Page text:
So I discovered a new TV series on the History Channel today called ‘True Monsters’.  It’s basically about how all folklore and legend has an ounce of truth behind it (this of course, all of us here already know).  I discovered for the very first time, a folk legend from Scotland regarding a clan of cannibals, living in a cave by the sea.  After reading about how very famous this story is, I feel as though it is I, who have been living in a cave, not having heard of it.

In East Lothian, Scotland, in the 16th Century, Sawney Bean (Alexander/Alex/Alec/Lex/Xander or “Big Al” as he was known to his family), according to legend, wasn’t much of a working man.  He preferred the easy road and wasn’t even remotely interested in joining his father, who worked as a ditch digger and hedge trimmer.  Can’t say I blame the Young Bean.  It does sound boring.  So he eloped with a woman of much the same mindset and having no money and no inclination to work (sounds like a good portion of “Benefit Street”) they took up residence in a nearby cave by the sea.

Now, making money when you can’t be bothered to get off your arse can be tough going and this was before the days of Wonga (only 1769% APR!), so the Bean couple decided that the best way forward would be to laze around by day and then by night, rob, maim and then murder unsuspecting peoples nearby.  Much the same as Wonga do nowadays.

Personally, I’m of a “waste-not-want-not” mind-frame, but the Beans were completely eco-friendly so, killing two birds with one stone, so to speak, they decided to eat the remains of their victims, thereby also destroying any evidence of their wrongdoings.

They led a happy life, having fourteen children and thirty-two grandchildren (mostly Jamie-Cersei Lannister style and incestual), who also shared their appetite for human flesh and made a fine living from ambushing unwary locals who dared venture through the woods at night.

The Beans were almost caught when an ambush went awry after they unwittingly picked on a man who was quite spritely and a damned good shot.  He got away and alerted the local authorities who promptly arranged a search party to flush out the Scottish cannibals.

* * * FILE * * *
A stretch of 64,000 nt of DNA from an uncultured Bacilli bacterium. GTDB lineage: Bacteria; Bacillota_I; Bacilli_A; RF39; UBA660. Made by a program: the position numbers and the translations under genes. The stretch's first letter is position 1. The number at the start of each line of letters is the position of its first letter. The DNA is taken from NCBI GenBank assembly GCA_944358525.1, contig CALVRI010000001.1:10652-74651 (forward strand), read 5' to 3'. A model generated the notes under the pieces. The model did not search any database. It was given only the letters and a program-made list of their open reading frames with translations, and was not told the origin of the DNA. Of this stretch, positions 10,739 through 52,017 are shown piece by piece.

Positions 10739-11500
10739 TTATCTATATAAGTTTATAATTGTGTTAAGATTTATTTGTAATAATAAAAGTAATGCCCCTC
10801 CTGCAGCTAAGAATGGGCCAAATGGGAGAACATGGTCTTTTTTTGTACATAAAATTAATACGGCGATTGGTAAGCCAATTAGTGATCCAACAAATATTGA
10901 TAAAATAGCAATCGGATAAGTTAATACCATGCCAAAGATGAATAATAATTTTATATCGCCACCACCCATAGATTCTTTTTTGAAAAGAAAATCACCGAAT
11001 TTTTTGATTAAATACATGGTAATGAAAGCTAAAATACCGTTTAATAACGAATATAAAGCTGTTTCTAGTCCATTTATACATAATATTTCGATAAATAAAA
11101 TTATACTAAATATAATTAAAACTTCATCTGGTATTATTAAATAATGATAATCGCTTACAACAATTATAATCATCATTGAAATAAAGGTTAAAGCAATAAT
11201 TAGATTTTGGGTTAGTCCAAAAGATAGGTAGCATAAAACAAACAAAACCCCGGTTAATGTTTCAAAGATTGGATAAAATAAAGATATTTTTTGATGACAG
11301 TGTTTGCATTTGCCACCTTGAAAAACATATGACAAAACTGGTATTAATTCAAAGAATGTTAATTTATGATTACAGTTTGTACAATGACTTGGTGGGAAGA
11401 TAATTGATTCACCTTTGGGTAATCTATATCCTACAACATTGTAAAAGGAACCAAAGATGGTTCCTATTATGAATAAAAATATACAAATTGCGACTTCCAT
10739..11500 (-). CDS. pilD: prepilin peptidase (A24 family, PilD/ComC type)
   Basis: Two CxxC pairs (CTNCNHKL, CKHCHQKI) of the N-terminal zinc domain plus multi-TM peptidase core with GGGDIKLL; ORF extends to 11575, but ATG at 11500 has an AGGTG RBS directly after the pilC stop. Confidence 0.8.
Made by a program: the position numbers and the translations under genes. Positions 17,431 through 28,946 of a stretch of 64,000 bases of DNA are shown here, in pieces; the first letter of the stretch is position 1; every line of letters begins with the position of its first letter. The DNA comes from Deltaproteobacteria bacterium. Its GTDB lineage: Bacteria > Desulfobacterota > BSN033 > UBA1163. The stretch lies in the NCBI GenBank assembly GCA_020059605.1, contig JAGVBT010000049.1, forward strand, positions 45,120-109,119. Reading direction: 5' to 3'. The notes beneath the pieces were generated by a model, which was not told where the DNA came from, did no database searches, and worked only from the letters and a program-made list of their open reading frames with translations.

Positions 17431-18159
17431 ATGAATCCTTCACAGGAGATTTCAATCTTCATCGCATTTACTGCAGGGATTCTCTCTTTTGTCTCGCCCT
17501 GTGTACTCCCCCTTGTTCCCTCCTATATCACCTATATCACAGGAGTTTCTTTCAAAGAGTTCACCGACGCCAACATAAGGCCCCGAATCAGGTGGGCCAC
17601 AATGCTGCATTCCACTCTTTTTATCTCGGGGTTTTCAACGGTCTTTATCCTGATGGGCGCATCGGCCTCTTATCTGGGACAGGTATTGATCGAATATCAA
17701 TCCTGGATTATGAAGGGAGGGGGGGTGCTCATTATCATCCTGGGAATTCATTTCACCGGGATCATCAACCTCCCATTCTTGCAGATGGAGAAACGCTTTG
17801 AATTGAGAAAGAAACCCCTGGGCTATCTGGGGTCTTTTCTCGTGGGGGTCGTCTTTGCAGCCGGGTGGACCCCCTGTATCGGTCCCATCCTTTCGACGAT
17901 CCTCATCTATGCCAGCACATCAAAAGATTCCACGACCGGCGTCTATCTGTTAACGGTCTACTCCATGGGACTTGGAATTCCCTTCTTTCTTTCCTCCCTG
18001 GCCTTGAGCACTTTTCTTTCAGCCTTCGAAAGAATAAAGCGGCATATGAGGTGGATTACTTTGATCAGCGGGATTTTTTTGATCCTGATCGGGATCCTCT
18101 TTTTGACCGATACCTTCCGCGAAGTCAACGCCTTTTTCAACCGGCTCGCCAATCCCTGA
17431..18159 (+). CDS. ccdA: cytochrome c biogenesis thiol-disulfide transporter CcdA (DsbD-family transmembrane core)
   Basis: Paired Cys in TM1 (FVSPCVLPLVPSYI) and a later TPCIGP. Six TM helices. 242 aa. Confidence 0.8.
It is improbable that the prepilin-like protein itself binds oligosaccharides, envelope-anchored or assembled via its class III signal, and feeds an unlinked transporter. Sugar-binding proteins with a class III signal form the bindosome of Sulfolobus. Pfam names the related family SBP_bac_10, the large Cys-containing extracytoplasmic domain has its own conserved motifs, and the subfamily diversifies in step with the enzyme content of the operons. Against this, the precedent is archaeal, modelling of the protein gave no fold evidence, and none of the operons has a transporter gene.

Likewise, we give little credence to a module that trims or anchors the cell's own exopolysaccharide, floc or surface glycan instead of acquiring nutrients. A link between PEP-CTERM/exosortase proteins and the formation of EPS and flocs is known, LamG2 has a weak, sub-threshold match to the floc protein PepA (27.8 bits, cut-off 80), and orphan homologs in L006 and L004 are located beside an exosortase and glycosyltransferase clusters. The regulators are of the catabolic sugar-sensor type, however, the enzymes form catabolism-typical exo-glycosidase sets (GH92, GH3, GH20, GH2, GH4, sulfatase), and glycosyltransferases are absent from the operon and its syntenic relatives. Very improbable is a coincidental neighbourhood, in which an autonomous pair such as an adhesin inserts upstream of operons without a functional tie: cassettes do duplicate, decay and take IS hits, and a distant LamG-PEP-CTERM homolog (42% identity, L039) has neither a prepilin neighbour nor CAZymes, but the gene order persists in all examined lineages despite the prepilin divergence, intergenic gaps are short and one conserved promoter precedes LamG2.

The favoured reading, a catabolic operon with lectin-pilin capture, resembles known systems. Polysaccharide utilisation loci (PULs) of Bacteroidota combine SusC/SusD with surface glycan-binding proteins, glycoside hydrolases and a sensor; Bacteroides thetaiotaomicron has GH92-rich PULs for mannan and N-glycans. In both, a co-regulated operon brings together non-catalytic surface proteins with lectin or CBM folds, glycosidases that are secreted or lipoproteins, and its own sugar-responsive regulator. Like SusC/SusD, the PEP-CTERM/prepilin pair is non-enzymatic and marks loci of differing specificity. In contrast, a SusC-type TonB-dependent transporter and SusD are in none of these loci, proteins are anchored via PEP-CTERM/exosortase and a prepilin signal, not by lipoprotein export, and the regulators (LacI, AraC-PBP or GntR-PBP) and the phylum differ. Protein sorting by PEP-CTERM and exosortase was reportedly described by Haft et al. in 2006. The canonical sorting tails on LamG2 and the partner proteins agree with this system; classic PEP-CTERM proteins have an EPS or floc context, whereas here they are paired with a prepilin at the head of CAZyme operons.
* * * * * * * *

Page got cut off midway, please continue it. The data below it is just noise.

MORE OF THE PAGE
After the strange disappearances of many people, a four hundred strong mob set out searching the area, only to discover the cave which they’d never thought to look in before (“that huge two hundred foot deep cave couldn’t POSSIBLY house anything or anyone whatsoever”) and they hauled the entire Bean Clan out on their arses.

Now cannibals are considered the lowest of the low, the worst atrocity known to mankind (personally I think those people who keep spiders as pets are so much worse, but hey, I’m just one person) so it’s only fitting that the punishment for cannibalism is death.

The men of the Bean Clan had all their rude bits chopped off (the thirty-four children produced were thirty-four children too late for this endeavour however), before having their hands and feet chopped off, and Wikipedia will tell you were “allowed” to bleed to death.  How good of their persecutors to “allow” them to bleed to death.  The women and children were promptly burned to death, including one of the daughters who had left the clan years previously (probably the thought of having to sleep with her brothers or dad AND being on a strict “meat-only” diet put her off the usual village life of living next door to your mum, down the road from your sister and across the street from your aunty).  The locals hung her from a nearby tree.  I try to stay away from the pikey side of my family too, but it just goes to show, they will always come back and bite you in the arse anyway.  Maybe that’s the moral of the story.  Do what my sister did and move very very far away.

It’s no surprise that this legend, be it true or not, (that is lost to time) inspired the incredibly famous set of movies ‘The Hills Have Eyes’ – I live in a village and I can tell you, I know more than most how true those films could be.

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